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Tuesday, December 25, 2018

Ramifications of a Doctor Shortage

Although some people question the legitimacy of an upcoming doctor shortage, the AAMC (American Association of Medical Colleges) does not.  The AAMC predicts a shortage of up to 105,000 doctors over the next decade.  Those who do not believe there will be a shortage propose that with more efficient healthcare management, the projected shortage would be alleviated.  I will discuss that issue in my next blog.  For today, assume there will be a doctor shortage.  What would the ramifications of that be like?

In the AAMC study of projected doctor shortages over the next decade, there is a predicted shortage of primary care doctors of up to 31,000 doctors.(1)  Ironically, because of the push for more primary care doctors, the surgical and specialty care areas of Medicine will suffer even more.  Specialty care would include Neurology, Gerontology, Urology, Psychiatry, Opthamology, and medical subspecialties.  These are all specialties well utilized by seniors. By 2030, the number of people in the US greater than 65 years old will be growing by 41%, while those less than 18 years old will be growing by 5%. (1)  When seniors will be receiving 2-3 times more healthcare, they will need the specialty areas of Medicine more than ever!  These are the specialties facing some of the greatest shortages. (1)  It takes 5-10 years to train a doctor.  If we are not proactive about our future healthcare needs today, we will all “be dead” by the time the shortfall of doctors can be replaced to meet the deficit.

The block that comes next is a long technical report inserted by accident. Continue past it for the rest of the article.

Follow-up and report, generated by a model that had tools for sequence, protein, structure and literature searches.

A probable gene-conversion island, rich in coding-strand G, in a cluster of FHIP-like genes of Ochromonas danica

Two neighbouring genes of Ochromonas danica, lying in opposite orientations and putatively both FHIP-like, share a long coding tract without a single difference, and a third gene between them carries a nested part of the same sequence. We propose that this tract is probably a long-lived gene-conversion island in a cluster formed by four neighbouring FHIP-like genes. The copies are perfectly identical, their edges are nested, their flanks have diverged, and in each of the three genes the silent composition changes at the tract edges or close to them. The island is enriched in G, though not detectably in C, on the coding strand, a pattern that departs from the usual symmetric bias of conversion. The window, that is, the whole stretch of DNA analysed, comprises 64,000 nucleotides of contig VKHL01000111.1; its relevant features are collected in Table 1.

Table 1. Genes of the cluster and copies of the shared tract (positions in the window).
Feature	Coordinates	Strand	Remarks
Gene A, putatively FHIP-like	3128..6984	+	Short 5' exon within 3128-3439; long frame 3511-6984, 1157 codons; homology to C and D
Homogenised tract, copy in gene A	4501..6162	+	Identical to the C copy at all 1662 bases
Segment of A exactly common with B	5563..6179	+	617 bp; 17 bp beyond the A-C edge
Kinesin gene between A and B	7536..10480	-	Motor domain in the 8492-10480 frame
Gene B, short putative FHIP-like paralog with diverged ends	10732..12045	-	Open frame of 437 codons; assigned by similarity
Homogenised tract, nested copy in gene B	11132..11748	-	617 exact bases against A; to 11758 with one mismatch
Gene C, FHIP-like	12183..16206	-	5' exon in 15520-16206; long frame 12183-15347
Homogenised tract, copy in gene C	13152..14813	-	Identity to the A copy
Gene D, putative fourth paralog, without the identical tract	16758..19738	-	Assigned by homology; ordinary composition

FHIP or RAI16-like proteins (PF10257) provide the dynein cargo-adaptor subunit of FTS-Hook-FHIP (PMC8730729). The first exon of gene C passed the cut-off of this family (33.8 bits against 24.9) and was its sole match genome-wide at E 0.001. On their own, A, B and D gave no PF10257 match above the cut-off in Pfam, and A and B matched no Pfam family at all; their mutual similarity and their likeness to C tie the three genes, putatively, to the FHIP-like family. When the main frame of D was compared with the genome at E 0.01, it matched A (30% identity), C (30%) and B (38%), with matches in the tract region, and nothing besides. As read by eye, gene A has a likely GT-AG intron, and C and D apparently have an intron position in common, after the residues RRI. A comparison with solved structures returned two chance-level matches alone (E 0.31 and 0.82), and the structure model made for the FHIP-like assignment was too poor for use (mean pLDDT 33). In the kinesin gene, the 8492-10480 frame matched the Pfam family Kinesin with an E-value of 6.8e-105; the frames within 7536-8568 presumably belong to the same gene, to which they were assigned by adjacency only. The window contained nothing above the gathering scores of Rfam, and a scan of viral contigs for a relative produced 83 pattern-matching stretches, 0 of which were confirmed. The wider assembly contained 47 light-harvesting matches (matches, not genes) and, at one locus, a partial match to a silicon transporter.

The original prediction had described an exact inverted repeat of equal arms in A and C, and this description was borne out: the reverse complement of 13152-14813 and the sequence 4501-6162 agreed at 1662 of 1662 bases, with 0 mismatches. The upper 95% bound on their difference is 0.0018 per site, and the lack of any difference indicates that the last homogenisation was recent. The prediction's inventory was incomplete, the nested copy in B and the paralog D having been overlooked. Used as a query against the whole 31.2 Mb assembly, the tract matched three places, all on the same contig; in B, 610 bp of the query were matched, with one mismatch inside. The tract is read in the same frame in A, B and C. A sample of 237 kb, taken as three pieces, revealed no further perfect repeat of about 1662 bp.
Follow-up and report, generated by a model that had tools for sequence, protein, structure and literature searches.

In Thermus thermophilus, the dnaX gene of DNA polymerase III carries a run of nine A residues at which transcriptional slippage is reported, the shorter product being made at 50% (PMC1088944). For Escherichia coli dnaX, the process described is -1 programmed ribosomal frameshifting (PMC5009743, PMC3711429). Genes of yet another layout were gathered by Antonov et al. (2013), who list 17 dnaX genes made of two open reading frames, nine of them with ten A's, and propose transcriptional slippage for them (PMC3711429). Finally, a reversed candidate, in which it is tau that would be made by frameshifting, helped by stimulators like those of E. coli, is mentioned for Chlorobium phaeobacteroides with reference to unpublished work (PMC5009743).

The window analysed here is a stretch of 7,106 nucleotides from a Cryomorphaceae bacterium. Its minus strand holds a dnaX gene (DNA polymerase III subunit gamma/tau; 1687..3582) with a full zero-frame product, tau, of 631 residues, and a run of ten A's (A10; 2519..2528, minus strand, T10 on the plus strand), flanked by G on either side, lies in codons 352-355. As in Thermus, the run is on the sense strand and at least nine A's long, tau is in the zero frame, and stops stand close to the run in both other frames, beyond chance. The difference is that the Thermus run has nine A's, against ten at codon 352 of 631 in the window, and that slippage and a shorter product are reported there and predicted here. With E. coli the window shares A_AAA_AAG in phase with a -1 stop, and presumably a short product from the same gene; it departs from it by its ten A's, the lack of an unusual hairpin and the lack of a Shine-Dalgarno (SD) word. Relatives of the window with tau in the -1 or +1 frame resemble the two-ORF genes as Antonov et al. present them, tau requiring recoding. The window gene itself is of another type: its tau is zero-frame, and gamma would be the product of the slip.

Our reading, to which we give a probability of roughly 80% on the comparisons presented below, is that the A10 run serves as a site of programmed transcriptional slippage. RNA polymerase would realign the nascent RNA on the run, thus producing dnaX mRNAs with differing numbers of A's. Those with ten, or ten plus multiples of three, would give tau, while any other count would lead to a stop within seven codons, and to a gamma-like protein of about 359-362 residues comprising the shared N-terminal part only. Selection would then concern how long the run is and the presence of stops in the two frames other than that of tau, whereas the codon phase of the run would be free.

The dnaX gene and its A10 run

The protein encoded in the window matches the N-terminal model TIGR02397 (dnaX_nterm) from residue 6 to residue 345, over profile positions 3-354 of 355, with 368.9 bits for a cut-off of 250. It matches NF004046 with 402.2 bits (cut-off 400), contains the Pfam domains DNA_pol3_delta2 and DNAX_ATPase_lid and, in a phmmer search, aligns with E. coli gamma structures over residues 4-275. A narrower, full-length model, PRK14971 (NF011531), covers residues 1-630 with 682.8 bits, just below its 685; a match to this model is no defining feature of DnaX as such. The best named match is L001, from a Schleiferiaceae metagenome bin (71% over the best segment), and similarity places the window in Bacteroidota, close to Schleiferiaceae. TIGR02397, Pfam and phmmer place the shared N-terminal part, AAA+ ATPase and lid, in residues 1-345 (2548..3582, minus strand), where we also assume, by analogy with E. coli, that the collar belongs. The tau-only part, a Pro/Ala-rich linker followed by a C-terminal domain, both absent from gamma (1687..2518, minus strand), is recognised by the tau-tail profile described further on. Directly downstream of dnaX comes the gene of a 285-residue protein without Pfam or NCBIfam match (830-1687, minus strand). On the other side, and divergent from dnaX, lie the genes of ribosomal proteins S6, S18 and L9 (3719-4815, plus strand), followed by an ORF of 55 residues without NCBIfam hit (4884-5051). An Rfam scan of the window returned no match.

The AAMC projection graphs show multiple scenarios about the potential numbers of doctors practicing over the next decade.  The graphs show how the numbers will differ depending upon current doctors retiring at age 65, plus or minus 2 years.  Here is what I am seeing in my corner of the US.  Doctors are retiring before age 65.  The requirement for electronic medical records, coupled with the advent of managed care, is causing some doctors to just quit early.  About 6 years ago, a number of doctors sold their practices to hospitals or managed care companies.  After the initial “sweetheart” income deals evaporated and the new projected lower salaries were announced, the doctors just quit practicing Medicine. They had non-compete clauses and had lost control over their own practice of Medicine.  1/3 of the currently practicing physicians in the US will be greater than 65 years old over the next decade.  So this story could repeat itself quite a bit over the next decade.

Due to the thoughtless discard of unmatched fully qualified doctors, we are “shooting ourselves in the foot”.  Our population is ageing and their healthcare needs are escalating.  Just when seniors need medical specialties the most, there will be a shortage.  What are we thinking?  I guess we are not thinking, or the Residency Shortage would have been solved yesterday!